Will The Commander In Chief Please Stand Up?
Most of the criticism of the lack of progress on undoing the blunt instrument that is sequestration has focused on the role of Congress and particularly the Republican-dominated House of Representatives. Left almost entirely out of this discussion is President Obama, the Commander in Chief. It was the White House that first proposed the too clever legislative sleight of hand that became the 2011 Budget Control Act, the law which imposed sequestration. The President was a signatory to the agreement. As the clock has been ticking down, first to the January 1 deadline and now to the new date for imposing major cuts in discretionary spending, March 1, it is amazing that the President’s role in this cliff-hanger has garnered so little public attention or commentary. Some pundits view this merely as hardball politics; the President is betting that by hanging tough he can convince enough Republicans with defense interests in their districts to ally with House Democrats and push through a replacement package for sequestration that involves yet more tax hikes. Having already won a significant victory at the end of last year both for higher federal spending and higher taxes, the President’s apparent determination to “run the table” and force a complete Republican capitulation may be good politics but it is not good leadership.
When the idea of sequestration was first proposed, as the Commander in Chief, President Obama must have asked his national security staff, Secretary of Defense Leon Panetta and the Chairman of the Joint Chiefs of Staff what the impact of a trillion dollar cut in defense spending over the next decade would mean. He must have had an appreciation for the damage that implementation of the law would do to the U.S. military, our national security and to his ability to fulfill his Constitutional responsibility to protect and defend. When his last budget failed to garner even a single Democratic vote in the Senate, creating conditions for a year-long Continuing Resolution, the Commander in Chief must have been informed by knowledgeable sources what the effects would be on military readiness. The significance of the decision to reduce the U.S. naval presence in the Persian Gulf from two aircraft carriers to one just at the time that negotiations over Iran’s nuclear program are about to restart could not have been hidden from the President. So who bears the greatest responsibility for the damage that will be done to the nation’s security if sequestration is implemented? I submit it is not the House Republicans.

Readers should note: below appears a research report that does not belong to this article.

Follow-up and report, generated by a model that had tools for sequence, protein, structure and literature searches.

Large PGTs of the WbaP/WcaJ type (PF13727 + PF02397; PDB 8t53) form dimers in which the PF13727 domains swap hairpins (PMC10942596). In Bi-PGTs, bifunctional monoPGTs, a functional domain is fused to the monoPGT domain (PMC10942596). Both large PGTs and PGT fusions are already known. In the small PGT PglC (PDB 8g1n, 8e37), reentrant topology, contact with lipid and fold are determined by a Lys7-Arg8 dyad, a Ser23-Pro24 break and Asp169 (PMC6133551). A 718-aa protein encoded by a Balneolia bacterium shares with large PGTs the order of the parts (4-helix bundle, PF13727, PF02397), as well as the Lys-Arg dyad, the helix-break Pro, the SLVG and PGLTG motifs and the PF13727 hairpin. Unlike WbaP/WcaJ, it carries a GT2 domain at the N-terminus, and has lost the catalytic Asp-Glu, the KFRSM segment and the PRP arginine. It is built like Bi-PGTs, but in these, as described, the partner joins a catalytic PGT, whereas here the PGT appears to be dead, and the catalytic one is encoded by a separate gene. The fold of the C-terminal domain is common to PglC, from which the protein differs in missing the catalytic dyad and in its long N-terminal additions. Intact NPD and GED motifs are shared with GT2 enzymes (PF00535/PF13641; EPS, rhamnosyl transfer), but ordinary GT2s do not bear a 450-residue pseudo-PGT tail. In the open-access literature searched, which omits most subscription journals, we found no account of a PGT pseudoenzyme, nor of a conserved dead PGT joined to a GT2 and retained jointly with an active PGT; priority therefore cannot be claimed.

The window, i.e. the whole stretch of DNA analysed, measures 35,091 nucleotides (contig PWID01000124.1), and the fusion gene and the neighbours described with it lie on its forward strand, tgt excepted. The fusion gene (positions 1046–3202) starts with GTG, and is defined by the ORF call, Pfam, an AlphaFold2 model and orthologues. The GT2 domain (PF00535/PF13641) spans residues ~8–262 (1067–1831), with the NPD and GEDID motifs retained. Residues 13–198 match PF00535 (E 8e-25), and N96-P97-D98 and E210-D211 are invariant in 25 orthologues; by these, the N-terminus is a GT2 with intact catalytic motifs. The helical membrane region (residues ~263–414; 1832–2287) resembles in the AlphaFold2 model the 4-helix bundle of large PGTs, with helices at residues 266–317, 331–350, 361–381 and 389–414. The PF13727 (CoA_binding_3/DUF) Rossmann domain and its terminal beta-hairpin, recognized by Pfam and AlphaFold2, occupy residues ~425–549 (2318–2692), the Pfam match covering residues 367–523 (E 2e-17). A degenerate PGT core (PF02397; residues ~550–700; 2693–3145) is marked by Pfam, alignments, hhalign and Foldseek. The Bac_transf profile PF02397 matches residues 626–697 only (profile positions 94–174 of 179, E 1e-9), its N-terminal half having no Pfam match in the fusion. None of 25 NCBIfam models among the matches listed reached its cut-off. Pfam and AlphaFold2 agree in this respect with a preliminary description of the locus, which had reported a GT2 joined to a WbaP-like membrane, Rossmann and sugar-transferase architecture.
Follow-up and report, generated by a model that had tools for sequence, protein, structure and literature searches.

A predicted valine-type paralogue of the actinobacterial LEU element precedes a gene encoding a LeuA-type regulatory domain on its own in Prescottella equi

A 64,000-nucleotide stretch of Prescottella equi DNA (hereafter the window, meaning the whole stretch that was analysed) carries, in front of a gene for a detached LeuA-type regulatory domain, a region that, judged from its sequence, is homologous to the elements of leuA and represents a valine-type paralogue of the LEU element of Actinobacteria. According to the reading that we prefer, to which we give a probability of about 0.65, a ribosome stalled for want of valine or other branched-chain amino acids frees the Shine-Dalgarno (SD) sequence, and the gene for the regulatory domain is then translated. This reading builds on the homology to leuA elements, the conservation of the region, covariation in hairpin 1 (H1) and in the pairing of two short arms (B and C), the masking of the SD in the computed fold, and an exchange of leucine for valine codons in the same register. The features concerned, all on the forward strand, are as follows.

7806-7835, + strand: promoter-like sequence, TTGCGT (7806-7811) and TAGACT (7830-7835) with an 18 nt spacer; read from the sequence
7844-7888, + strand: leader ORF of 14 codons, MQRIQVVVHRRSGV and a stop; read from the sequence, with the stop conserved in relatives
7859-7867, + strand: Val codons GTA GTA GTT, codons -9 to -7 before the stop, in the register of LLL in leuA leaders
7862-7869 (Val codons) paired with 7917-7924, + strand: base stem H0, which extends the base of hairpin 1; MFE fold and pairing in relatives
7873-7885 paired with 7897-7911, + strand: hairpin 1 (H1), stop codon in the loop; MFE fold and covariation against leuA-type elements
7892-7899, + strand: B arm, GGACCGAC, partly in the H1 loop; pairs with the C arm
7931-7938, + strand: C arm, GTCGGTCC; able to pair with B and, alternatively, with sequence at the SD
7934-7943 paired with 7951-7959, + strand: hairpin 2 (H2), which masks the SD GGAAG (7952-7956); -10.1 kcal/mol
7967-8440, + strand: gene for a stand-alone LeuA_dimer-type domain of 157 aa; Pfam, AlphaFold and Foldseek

The President is also the head of a worldwide network of alliances, defense relationships and security partnership agreements. What will the Commander in Chief tell our friends and allies when the U.S. military presence in their region is reduced? How will he justify to the Saudis that we are no longer going to ensure the free flow of oil through the Persian Gulf or to the South Koreans and Japanese that they have to face a nuclear-armed North Korea alone? Or we can inform the Poles and other Eastern European allies that once again they can expect to be at the mercy of the Russian bear.
The real question is does President Obama take his responsibility as Commander in Chief seriously? It certainly is exhilarating to be able to order fleets to sail, bombers to deploy and armed drones to strike terrorist targets. But being Commander in Chief also means being responsible for the consequences of your actions. In the case of sequestration, should it come into force, the responsibility will lie squarely with President Obama. The Commander in Chief needs to stand up and put the nation’s security ahead of his political agenda.